Materials & Nanotechnology
Materials science brings together multiple sciences, including chemistry, in the study of materials and how we can use them. We can study existing materials to learn about their bonding, structures, and properties, and think about how we might use them. We can also develop new materials that have properties we want.
In nanotechnology, scientists use atoms and molecules to build materials that can be used in many areas, such as health care, clean energy sources, and electronics. These nanomaterials, which typically measure between 1 and 100 nanometers, can have surprising properties.
- Materials Research Science and Engineering: Hands-On Activities
Can you construct a building block model? What if you were wearing mittens? Try this and other nano activities!
- Materials Research Science and Engineering: Digital Games
Get your virtual hands on these tiny building blocks and make what you need.
- NOVA: Making Stuff
Make stuff smaller... smarter... cleaner... stronger... safer... with these hands-on activities.
Celebrate nanoscale science and what it's done for our world with this collection of ready-to-use resources from past NanoDays.
- Nanotechnology: The Smallest BIG Idea in Science
The chemistry is really small, but the idea is BIG! Show students why.
- Mission: Materials Science
Break it down, build it up. Go hands on with experiments for the young people in your life.
- Exploring Nanotechnology: Super-Strong Materials
Fold, roll, stack, test. Will it stand up to the pressure?
- A Magnet That Drips: Making Ferrofluid
Make your own ferrofluid with materials from grocery and hardware stores.
- Exploring Materials—Stained-Glass Windows
Art goes nano with these examples of stained glass. Make your own version with colorful tissue paper.
- Materials Science and Technology Teachers Handbook
A materials science bonanza! Plenty of things to try that cover all the bases: metals, ceramics, polymers, and composites.
- The Fine Art of Materials Science Demonstrations
Pick and choose from this wide selection of materials demos. What will it be?
- ASM Teacher Materials Camp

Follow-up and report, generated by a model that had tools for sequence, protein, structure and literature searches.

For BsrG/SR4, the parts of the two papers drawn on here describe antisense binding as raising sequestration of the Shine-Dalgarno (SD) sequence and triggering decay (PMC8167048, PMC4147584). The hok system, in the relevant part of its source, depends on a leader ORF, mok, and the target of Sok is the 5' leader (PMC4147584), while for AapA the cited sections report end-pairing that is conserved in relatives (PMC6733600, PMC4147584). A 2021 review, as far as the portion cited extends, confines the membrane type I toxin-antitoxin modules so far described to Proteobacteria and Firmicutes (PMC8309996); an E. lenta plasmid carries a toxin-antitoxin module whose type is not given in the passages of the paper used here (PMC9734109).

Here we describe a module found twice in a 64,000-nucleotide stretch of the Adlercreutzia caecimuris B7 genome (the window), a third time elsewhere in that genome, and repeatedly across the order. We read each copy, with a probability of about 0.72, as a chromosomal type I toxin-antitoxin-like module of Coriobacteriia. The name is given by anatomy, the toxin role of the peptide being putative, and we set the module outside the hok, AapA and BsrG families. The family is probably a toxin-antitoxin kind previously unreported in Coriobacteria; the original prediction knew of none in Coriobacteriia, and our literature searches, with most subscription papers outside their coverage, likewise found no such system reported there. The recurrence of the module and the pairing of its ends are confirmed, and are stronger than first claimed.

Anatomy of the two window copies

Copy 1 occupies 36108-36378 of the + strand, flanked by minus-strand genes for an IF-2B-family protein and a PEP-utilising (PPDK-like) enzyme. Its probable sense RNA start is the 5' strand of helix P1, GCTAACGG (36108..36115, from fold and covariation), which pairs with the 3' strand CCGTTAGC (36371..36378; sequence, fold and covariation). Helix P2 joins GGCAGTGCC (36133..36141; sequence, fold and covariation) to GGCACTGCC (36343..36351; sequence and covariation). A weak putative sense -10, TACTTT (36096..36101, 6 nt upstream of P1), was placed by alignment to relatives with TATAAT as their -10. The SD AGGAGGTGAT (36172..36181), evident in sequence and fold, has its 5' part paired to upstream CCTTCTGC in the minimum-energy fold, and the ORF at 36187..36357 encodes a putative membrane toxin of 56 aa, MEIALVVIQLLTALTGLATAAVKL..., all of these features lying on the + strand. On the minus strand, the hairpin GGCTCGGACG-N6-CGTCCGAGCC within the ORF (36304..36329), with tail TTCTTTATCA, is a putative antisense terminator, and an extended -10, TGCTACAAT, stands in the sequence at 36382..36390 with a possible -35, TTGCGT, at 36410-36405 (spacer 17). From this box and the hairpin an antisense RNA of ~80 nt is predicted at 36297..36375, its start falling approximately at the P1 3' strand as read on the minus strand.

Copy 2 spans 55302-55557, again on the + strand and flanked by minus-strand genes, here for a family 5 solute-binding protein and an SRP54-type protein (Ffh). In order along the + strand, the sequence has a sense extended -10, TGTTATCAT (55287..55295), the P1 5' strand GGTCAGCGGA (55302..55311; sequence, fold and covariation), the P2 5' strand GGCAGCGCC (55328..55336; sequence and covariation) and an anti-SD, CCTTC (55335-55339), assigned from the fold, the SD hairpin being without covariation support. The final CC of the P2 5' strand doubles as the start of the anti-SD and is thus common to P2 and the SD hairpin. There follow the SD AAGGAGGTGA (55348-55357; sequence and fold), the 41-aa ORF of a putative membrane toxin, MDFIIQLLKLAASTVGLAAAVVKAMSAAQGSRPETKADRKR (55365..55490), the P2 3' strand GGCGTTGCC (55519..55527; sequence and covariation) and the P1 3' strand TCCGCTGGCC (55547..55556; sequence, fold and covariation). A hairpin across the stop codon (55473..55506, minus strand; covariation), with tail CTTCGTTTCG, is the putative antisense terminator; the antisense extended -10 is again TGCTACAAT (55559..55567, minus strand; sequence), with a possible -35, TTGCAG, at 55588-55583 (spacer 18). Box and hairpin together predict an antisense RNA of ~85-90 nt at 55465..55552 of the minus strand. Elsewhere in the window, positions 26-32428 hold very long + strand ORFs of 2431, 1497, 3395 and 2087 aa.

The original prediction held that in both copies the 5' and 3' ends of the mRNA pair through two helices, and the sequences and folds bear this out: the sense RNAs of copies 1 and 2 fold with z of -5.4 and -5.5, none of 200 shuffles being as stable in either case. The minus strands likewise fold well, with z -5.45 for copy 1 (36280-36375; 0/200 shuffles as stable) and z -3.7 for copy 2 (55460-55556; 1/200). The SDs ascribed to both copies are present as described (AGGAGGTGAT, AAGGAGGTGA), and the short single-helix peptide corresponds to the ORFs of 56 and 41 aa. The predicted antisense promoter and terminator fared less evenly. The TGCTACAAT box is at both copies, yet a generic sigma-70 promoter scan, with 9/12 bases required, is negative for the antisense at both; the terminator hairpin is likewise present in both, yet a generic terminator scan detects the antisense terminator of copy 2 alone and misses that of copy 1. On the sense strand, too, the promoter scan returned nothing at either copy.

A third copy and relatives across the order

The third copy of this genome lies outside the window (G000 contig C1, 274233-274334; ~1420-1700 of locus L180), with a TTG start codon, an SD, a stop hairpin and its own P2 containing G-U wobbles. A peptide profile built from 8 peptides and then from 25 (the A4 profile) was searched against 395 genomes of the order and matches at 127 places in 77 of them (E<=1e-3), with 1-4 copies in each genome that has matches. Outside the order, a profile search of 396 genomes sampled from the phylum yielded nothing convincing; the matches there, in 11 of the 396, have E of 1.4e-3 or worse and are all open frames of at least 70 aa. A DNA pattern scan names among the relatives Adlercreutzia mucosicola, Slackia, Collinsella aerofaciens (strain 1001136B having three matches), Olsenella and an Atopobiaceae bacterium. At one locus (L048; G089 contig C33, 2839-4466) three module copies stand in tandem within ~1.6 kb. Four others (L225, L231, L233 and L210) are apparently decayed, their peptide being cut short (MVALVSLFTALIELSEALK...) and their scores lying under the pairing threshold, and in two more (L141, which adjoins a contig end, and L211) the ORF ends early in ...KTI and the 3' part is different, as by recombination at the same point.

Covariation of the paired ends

It’s chemistry camp—but for teachers! These free camps teach about materials science and how to share it with students.
- Making Concrete
Where does the water go? Will the mass of concrete be the same before and after it cures? Find out!
- Fun Look at Material Science
Material science is all around you - including in your house!
- Candy Fiber Pull
What do glass and hard candy have in common? Unwrap a piece and get started.
- Coronavirus Nanoscience
Watch out, Covid! Here come tiny tech tools to work on taking you down.
- Explain That Stuff: Nanotechnology
Shrink yourself to the nano to understand its scale and how it works.
Like the word says, Nanooze brings you the news—about nano. Learn about the latest!
- What Is Materials Science?
The short answer is "the study of stuff." How do we use it? How do we make it? How do we make it do what we want?
- College To Career: Nanochemistry
You've probably already bought products that were developed using nanochemistry. Who's doing the developing?
- College To Career: Materials Science
Are you "curiosity driven"? Interested in going "a mile wide, but an inch deep"? Materials science might be for you!
- Exploring Nanotechnology's Daily Applications
See how it gets put to work in your life.
- Want to Colonize Mars? Aerogel Could Help
Can aerogel give a boost to those wanting to make Mars their home?
- OROS Technology: Aerogel Insulation Inspired by NASA
Instead of going to space, aerogel goes to your personal space—as part of your jacket.
- Ferrofluid Fun
These dark spikes and patterns will make you think you're in an art gallery—see ferrofluid science at work.
- Can You Build Ships Out of Ice?
Could it happen back in the 1940s? What about now? Mythbusters puts it to the test.
- 8 Sustainable Yarns and Fibers
Step into sustainable fashion with a new generation of textiles.
- Smart Concrete Could Let Roads Repair Themselves
Concrete gets smarter—using chemistry.
- Getting More Heat Out of Sunlight
Hot on one side, cool on the other. How can it help your home?
(all sites accessed January 2021)